Transit App – real time data for Denver bus riders

Last week, I downloaded and installed Transit App on my smartphone. My first meaningful use of the app was this past Friday, January 8th when Denver metro commuters awoke to an overnight snowfall of just over two inches and temperatures that reached a high of 29 degrees (-1.66 C). Exactly the sort of conditions when bus riders most need their bus to show up on time. But as any bus rider knows, posted schedules are a suggestion at best and that is under ideal conditions. Throw in a bit of bad weather or traffic congestion or anything else unplanned and your bus gets to your stop when it gets there. As bus riders, we get to just deal with it. Transit App, the first mobile app available to Denver metro transit riders since the Regional Transportation District (RTD) recently released real-time data to app developers, is finally the smartphone-using bus riders’ opportunity to do just that – deal with unpredictable bus arrival times.

The Transit App interface is clean and pretty intuitive. You can plan trips using Leave Now, Leave At or Arrive By options. Otherwise, you can just drop your location on the map where you want to start your ride and the app will highlight the available inbound/outbound bus routes with directions to the nearest bus stop. This all works very well and as expected. It’s once you select a bus route that things start to get interesting. The time shown is either the scheduled upcoming departure time for a given stop or, and this is the good part, a projected departure time (indicated by the little “broadcast” symbol accompanying the time) depending on the real-time location of the next arriving bus for that route. If you tap the map location symbol below the route number, a map opens that shows the location of the arriving bus. Cool, right? Having an idea of when the bus is going to get to your stop is waaaaaaayyyyy better than knowing when the bus is scheduled to get to your stop. Unless, of course, you enjoy waiting around at the bus stop grumbling to yourself and others about the why the system can’t run on time.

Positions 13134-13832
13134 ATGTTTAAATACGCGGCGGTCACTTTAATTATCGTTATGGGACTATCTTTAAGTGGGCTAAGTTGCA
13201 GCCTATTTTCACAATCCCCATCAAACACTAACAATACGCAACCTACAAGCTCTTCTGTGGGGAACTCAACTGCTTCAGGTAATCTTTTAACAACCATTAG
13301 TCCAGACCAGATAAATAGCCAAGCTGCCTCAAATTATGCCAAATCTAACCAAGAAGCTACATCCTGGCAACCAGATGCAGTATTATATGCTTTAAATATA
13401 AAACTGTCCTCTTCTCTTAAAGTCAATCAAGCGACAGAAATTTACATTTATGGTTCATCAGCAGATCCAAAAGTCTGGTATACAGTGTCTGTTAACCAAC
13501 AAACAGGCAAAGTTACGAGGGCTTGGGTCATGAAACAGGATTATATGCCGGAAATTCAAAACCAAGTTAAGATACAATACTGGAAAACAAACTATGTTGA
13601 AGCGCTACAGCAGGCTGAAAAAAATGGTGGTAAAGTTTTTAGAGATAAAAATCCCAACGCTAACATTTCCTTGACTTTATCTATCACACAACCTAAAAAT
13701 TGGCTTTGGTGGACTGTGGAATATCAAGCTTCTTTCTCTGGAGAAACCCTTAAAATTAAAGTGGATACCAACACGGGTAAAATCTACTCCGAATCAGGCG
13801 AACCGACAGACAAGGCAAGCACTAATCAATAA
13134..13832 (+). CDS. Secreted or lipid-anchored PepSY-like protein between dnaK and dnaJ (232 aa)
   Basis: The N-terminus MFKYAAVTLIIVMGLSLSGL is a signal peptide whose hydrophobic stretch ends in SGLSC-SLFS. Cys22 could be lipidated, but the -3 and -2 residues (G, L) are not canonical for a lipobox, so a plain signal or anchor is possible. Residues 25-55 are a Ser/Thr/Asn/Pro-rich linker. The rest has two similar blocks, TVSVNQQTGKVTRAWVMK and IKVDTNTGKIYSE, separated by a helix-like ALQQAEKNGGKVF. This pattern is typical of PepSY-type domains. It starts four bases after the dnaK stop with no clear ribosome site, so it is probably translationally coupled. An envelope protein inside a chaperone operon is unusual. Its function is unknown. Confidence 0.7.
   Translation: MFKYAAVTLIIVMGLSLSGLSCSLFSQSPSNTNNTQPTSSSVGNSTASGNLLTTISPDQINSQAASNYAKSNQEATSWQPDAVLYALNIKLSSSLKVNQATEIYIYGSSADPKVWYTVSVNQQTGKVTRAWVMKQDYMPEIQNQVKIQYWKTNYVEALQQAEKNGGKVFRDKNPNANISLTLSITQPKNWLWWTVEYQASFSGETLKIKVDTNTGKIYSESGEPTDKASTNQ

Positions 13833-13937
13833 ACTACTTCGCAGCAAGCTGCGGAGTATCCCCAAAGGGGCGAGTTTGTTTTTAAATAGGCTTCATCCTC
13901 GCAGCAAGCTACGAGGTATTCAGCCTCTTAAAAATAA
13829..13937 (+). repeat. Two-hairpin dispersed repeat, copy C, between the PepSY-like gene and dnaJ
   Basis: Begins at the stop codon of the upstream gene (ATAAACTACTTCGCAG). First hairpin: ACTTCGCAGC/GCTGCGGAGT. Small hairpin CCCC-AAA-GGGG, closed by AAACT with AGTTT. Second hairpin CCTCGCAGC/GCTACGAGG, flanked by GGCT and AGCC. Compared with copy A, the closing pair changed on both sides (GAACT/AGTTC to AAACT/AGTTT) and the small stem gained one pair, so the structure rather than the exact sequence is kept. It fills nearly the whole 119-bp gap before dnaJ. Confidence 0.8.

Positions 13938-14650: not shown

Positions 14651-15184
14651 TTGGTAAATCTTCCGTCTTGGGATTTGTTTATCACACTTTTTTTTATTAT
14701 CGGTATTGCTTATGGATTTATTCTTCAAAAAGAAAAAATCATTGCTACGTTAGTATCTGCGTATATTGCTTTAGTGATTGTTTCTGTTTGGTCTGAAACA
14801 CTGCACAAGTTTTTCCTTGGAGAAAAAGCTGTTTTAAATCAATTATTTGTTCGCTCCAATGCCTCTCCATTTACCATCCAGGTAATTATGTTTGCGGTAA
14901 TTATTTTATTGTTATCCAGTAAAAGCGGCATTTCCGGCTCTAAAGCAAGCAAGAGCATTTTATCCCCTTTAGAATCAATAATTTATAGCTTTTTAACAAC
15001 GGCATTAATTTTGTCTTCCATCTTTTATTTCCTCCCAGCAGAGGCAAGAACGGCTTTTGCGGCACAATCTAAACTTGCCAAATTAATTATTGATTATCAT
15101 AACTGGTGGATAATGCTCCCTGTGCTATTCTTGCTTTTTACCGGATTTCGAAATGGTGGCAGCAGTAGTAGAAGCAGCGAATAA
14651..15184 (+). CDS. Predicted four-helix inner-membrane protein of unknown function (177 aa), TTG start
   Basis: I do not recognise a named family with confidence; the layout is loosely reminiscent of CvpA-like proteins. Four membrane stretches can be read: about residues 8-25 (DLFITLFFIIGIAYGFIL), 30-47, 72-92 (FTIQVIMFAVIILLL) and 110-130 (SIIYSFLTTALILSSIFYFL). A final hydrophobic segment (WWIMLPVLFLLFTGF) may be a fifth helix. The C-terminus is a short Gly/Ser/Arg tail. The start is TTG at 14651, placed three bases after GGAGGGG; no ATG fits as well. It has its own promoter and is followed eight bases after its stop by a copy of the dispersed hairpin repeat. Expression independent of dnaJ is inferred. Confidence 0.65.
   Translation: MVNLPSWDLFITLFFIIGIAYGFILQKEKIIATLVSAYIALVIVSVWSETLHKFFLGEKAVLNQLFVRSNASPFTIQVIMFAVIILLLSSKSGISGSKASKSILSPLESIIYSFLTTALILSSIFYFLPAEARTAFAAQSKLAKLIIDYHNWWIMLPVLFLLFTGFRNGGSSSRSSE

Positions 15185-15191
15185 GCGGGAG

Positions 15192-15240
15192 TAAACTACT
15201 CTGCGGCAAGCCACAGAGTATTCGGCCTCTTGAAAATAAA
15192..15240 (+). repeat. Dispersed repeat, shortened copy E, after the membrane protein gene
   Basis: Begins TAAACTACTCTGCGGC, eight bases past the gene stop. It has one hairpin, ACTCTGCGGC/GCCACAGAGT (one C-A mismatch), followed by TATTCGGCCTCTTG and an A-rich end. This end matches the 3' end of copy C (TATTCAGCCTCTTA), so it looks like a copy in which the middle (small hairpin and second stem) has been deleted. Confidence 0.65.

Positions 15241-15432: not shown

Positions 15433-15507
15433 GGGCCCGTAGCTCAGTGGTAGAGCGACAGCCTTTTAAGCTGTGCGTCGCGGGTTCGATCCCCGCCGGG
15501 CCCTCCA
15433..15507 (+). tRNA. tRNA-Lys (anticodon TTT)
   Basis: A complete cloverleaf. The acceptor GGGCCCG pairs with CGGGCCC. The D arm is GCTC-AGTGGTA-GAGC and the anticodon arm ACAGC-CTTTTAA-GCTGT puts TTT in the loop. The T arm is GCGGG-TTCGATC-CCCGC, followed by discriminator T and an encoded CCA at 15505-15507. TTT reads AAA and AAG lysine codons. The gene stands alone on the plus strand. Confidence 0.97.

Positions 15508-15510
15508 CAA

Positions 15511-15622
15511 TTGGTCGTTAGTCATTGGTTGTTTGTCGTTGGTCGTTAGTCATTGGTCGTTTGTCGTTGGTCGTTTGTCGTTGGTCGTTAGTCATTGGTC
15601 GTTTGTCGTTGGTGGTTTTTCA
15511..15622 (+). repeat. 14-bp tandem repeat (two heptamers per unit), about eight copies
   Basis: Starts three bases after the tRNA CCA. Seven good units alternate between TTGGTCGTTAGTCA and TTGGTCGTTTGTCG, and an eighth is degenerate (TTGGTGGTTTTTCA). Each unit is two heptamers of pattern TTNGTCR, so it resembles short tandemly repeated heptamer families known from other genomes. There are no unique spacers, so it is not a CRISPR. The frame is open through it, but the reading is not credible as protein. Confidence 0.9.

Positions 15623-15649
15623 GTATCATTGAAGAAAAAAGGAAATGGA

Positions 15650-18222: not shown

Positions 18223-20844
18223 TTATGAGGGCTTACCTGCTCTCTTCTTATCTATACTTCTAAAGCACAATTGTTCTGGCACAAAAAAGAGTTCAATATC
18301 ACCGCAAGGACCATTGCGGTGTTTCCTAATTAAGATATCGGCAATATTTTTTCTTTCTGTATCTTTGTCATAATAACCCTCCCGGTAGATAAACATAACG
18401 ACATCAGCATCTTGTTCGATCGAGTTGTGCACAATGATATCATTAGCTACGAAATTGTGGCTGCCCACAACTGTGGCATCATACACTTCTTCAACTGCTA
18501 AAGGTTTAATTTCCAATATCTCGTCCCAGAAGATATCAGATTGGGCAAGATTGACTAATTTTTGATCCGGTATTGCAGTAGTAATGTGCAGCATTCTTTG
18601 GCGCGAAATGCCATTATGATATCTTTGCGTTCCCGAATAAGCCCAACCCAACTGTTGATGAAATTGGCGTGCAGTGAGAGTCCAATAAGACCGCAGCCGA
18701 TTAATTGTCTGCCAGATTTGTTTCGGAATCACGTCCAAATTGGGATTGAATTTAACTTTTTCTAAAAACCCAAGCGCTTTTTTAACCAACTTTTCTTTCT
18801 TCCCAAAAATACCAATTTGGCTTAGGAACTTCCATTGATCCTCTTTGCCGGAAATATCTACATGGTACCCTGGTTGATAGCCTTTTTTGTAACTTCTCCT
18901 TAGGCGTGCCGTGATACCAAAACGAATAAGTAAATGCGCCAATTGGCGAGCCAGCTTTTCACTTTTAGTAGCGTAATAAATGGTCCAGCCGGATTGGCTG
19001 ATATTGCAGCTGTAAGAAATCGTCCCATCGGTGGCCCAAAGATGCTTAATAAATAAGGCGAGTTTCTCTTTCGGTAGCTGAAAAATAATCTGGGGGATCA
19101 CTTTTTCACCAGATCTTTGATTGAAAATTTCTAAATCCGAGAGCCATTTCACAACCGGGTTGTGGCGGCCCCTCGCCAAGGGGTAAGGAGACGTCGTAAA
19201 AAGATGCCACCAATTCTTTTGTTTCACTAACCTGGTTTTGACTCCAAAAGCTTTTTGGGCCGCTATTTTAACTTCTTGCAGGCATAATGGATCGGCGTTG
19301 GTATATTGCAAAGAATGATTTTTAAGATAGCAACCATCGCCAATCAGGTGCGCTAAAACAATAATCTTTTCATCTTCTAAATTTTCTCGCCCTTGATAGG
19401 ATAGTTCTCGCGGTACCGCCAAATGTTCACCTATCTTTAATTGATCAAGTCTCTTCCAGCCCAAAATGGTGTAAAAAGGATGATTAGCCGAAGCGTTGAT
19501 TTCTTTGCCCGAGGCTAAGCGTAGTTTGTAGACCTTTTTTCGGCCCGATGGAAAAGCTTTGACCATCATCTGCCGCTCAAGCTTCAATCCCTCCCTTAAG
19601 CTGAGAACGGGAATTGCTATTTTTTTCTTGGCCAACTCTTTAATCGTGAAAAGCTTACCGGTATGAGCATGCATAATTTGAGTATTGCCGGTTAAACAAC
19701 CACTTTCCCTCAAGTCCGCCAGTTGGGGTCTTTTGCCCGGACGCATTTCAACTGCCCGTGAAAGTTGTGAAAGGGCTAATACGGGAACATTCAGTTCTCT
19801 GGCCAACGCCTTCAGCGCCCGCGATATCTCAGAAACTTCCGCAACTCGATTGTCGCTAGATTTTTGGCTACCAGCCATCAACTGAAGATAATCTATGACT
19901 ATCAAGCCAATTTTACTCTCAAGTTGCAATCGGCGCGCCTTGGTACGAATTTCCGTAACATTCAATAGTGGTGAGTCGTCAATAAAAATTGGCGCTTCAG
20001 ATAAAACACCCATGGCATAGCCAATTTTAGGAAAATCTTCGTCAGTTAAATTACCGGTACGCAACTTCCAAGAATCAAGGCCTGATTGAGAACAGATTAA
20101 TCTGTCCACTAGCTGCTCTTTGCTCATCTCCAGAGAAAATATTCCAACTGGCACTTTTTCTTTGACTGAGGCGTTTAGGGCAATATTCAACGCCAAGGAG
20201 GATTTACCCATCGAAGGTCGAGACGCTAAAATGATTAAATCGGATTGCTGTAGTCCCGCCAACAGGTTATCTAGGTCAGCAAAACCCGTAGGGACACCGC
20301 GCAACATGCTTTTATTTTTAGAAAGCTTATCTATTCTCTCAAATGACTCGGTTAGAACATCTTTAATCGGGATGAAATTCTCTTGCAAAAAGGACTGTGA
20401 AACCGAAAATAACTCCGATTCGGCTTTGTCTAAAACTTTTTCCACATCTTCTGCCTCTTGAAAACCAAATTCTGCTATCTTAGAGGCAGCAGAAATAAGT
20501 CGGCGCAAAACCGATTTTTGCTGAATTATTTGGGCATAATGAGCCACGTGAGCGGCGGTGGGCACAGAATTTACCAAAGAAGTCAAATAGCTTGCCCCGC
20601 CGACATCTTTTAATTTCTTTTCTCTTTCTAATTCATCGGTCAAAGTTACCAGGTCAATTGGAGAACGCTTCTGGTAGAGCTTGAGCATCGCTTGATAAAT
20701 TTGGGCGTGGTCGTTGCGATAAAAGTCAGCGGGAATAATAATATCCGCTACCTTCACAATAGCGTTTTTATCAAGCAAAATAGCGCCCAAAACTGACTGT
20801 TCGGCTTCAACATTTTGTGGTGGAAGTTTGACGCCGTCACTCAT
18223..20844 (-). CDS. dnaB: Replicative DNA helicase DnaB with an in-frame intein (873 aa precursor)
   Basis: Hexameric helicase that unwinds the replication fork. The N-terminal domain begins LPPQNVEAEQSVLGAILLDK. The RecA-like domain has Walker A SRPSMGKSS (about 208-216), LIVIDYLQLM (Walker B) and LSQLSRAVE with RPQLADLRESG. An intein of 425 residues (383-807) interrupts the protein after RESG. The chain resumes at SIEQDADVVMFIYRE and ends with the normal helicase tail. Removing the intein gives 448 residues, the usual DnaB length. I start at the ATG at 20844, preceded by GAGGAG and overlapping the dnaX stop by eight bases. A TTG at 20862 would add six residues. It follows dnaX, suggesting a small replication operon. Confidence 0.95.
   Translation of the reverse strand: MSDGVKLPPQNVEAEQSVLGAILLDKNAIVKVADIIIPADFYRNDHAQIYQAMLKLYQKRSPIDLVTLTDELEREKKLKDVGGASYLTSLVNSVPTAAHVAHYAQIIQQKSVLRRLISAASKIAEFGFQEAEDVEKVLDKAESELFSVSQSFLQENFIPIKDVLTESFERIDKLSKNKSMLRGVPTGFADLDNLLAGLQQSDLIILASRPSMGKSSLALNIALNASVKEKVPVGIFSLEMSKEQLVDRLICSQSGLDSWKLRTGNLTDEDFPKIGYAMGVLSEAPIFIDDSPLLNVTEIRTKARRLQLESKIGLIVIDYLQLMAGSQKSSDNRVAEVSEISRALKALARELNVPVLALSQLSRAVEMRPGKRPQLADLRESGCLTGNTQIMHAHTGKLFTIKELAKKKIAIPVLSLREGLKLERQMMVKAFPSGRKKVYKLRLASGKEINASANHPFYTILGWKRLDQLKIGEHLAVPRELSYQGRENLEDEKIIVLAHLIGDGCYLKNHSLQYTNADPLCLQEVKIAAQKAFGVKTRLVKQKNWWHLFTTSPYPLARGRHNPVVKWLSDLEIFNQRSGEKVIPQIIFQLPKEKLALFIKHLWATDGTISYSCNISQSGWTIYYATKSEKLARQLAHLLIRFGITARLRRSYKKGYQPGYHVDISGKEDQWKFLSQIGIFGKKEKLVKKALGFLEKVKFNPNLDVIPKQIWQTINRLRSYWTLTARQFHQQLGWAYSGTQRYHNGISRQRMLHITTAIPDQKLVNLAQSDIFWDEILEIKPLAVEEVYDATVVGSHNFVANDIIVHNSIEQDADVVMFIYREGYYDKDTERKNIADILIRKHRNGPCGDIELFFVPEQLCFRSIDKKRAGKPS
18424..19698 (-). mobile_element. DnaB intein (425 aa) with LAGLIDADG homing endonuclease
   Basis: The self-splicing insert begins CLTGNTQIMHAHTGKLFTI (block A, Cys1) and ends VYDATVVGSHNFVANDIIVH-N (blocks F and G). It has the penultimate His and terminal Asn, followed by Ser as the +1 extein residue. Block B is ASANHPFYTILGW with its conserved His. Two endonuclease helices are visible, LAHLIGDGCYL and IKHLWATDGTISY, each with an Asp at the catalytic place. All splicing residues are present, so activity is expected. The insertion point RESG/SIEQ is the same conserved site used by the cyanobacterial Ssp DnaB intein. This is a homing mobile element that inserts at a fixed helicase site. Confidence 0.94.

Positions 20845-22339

But be careful – a little power can be dangerous. During my morning commute I tried to get cute and wait until about two minutes before the app projected the bus would depart my stop. Hey, it was cold and snowing and I didn’t want to wait outside any longer than absolutely necessary. And besides, I had a real-time app! Well, I got to my stop just after the bus had departed. Fortunately, the bus was stuck in slow-moving, slushy-condition, commuter traffic – why it was behind schedule in the first place – and I was able to run without doing a faceplant on icy sidewalks and through about three street intersections to the next stop before the bus arrived. Once I sat down, panting, I opened the app to try to figure out what happened. Turns out that the projected location of the bus lags the actual bus location by a few minutes.

I checked this a few times on the way into downtown and the projected bus location never caught up to the actual bus location. I’ve no idea if this lag time is consistent across metro Denver because it may differ depending on your location and how long it takes for the real-time location data to bounce from RTD to your phone. My advice, don’t risk a faceplant and subtract about five minutes from the projected departure time. Waiting five minutes is still better than not knowing if a bus is going to arrive or not.

As if all that goodness is not enough, Transit App also shows location data for RTD Light Rail, Uber, Denver B-cycle and car2go. Oh, Transit App is a battery eater, so use sparingly. The app is available for download through Apple’s AppStore and Google play. Try it out and let me know what you think.

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